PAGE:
In what appears to be one of the first cases of its kind, the Consumer Protection from Unfair Trading Regulations have been successfully used in a prosecution.
In the case, a landlord was held to have made a misleading omission.
He had not told his tenants that their flats were subject to a planning notice.
The case was brought jointly by Southwark Trading Standards and the council’s planning enforcement team against Majid Saniinejad.
He had converted a flat into two smaller dwellings which breached the council’s minimum size standards.
One of the flats had no window in its bedroom, breaching fire safety and building regulations.
The landlord had let out one flat before being served a planning enforcement notice requiring the use of the property as two dwellings to cease.
Saniinejad and his company, Hertford (UK), appealed against this notice and he subsequently let out the second flat.
Following this second letting, he lost his appeal and was given six months to comply with the notice.
Despite this, Saniinejad went on to renew the first tenancy for a further 12 months.
He also failed to comply with the enforcement notice, and the long-running case ended with a district judge finding Saniinejad and his company guilty of misleading omissions under the Consumer Protection from Unfair Trading Regulations 2008.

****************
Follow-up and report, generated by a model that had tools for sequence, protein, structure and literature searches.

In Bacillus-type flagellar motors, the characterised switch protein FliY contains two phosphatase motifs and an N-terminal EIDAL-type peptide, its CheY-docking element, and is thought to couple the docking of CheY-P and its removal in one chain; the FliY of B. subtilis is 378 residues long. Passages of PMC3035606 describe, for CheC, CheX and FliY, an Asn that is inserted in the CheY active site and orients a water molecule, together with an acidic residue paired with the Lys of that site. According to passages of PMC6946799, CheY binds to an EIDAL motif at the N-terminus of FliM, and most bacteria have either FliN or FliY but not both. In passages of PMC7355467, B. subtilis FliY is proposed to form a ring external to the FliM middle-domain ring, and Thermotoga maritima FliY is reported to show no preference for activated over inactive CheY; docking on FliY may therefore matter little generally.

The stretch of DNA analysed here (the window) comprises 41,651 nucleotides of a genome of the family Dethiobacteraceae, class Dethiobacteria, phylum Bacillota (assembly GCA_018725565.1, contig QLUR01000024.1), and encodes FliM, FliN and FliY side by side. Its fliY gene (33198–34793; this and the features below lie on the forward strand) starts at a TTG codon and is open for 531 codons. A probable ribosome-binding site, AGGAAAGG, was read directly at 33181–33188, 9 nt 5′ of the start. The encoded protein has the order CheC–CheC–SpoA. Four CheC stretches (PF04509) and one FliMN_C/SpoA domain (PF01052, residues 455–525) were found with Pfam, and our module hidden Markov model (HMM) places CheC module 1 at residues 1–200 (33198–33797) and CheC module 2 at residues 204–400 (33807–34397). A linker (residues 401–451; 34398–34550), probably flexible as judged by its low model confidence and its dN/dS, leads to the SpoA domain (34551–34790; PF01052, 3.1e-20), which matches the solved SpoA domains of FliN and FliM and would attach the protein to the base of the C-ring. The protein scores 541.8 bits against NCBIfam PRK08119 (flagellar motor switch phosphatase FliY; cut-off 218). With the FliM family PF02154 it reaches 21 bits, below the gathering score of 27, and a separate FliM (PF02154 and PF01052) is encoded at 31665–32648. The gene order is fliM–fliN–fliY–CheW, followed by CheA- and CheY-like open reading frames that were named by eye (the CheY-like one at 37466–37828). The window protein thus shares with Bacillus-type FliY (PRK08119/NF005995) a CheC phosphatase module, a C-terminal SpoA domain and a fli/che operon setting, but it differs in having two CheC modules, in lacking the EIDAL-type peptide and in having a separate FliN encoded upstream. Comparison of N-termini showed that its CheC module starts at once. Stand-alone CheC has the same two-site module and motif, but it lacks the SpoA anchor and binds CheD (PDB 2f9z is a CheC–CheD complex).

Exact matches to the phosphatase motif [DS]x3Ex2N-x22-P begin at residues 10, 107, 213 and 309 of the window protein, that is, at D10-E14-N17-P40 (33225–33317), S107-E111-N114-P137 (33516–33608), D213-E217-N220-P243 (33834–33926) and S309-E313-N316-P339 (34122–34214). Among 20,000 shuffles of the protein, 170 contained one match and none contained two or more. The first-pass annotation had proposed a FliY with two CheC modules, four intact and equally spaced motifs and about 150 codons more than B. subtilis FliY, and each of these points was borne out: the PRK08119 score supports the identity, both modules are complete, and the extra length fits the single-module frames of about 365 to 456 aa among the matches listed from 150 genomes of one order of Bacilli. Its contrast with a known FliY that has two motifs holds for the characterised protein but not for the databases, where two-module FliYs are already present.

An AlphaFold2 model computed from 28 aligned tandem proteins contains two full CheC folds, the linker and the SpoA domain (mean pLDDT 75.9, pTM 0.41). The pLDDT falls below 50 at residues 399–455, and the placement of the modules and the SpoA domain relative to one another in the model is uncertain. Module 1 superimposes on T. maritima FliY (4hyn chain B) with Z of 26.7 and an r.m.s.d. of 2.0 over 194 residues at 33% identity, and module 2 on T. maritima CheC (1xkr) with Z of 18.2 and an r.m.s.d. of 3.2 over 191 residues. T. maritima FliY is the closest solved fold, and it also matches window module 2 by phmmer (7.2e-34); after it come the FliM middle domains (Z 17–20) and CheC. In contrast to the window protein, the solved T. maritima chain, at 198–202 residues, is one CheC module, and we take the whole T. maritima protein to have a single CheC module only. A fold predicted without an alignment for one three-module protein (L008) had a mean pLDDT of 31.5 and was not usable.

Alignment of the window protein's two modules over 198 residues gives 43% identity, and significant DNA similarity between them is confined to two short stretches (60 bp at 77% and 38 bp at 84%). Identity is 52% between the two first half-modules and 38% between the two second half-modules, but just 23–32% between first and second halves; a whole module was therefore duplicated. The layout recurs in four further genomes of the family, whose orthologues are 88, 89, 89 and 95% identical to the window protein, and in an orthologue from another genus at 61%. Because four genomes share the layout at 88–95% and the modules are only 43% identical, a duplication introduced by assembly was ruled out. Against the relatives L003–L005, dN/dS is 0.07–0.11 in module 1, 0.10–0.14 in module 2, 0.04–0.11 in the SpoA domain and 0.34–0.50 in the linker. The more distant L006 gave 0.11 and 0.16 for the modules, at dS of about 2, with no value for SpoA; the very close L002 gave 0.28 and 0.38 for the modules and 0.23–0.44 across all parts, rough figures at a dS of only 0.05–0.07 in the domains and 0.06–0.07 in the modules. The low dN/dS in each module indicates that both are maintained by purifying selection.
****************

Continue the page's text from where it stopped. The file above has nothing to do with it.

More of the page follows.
The matter has now been remitted to Croydon Crown Court for sentencing and confiscation under the Proceeds of Crime Act.
At the time the offences were committed, the maximum penalty for breaching the Consumer Protection from Unfair Trading Regulations was £5,000 in a magistrates’ court, or an unlimited fine in a crown court.
As far as EYE is aware, we know of no other successful prosecutions which have used CPRs – although we are sure our readers will put us right if necessary.
A court case which found against a letting agent in Wales and where the disclosure issues revolved around a mineshaft which had led to an earlier fall-through was subsequently overturned on appeal.
Paul Gander, a trading standards team leader at Southwark Council, has written up the case fully here